One of the things I detest about being a Mac user is the signal-to-noise ratio in Mac-related news. I've ranted on this topic at length before, but I never expected Infinite Loop to kick off one of the rounds, based on this find inside the "new" iPhoto's Localizable.strings file.
iPhoto has had support for GPS information in EXIF tags since $DIVINITY knows when (I ought to know, since I have a vague recollection of having posted about its debut, but I can't find the post anymore) but I've been playing around with AppleScript and exiftool for a few weeks, and let me tell you this much -
It would be news if it worked consistently.
Anyway, GPS information is displayed on the "Exposure" tab in version 5.0.4 of iPhoto, which is what I use on my iBook (given that version 6 has all those clever feature restrictions that disable all the nice bits on G3 processors). It mostly works, although I have yet to find a decent way to make sure iPhoto (any version) lets me manage and export all the tags (GPS, notes, keywords, whatnot) correctly.
What About iPhoto Before 6.0.5?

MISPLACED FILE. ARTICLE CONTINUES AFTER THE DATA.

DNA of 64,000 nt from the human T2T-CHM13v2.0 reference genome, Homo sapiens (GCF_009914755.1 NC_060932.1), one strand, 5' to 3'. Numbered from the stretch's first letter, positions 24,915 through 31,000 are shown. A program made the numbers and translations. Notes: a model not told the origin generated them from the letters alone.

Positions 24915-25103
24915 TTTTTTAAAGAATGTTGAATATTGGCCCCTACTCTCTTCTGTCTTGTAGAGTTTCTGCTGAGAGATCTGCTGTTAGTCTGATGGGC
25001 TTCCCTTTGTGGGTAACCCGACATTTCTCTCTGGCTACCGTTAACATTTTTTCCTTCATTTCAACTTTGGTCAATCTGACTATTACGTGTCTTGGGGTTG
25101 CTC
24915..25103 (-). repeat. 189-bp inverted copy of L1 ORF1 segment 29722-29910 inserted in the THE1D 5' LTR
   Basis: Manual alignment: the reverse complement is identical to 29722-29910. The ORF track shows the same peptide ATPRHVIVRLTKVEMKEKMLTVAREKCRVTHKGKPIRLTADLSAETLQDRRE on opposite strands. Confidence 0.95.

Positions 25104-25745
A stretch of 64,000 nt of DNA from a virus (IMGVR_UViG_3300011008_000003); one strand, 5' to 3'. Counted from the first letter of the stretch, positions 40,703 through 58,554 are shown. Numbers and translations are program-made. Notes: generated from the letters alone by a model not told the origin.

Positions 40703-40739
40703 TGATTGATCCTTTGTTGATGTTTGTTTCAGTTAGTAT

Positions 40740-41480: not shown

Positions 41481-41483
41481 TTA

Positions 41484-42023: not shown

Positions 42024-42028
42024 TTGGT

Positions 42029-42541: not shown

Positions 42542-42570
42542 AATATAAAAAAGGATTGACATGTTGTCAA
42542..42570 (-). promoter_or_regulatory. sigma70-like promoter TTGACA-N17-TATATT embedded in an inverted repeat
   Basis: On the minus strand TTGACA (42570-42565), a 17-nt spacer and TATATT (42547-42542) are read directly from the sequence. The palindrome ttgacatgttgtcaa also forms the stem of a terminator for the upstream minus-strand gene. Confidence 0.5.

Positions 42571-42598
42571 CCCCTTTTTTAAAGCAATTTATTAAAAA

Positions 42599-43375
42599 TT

On to the conspiracy theory bit. First off, I'd love to know if someone who hasn't upgraded their iPhoto recently can find this string. I can only check 5.0.4 and 6.0.5, so I can't disprove this being "new" (but I'd honestly love to).
Update: matt posted a comment wherein he states:
To satisfy your curiosity, the same string exists in my copy of iPhoto, which is 6.0.4, so it's not new in 6.0.5.
Roll Your Own Google Partnership
Well, practically zilch. This very Wiki has them in droves, with a simple one-line addition to the InterWikiMap. All you need to do is to tack on the coordinates and a description between parenthesis, like so:
38.707566,-9.136441 (Praça do Comércio)
[Sample|Geo:38.707566,-9.136441 (Praça do Comércio)]
...which gives: Sample
And you'd think that if this was an actual feature under development, they would at least have added the photo caption to the URL, no? As it is, the URL would display a rather bland generic balloon - that's so un-Apple that I don't think they'd go there...
The only thing this find proves, in my opinion, is that the spirit of leaving easter eggs in applications is still alive and well at Apple - just because people haven't found a "normal" way (a hidden key combo, etc.) for activating the "Show" button doesn't mean it's not there.
...“goldfish memories can last as long as three months.” Which puts them approximately 47 days ahead of the collective memory of Digg.
Update: The madness has started already (via Techmeme):
Notice how a gazillion people post this as news, and how the speculation snowballs...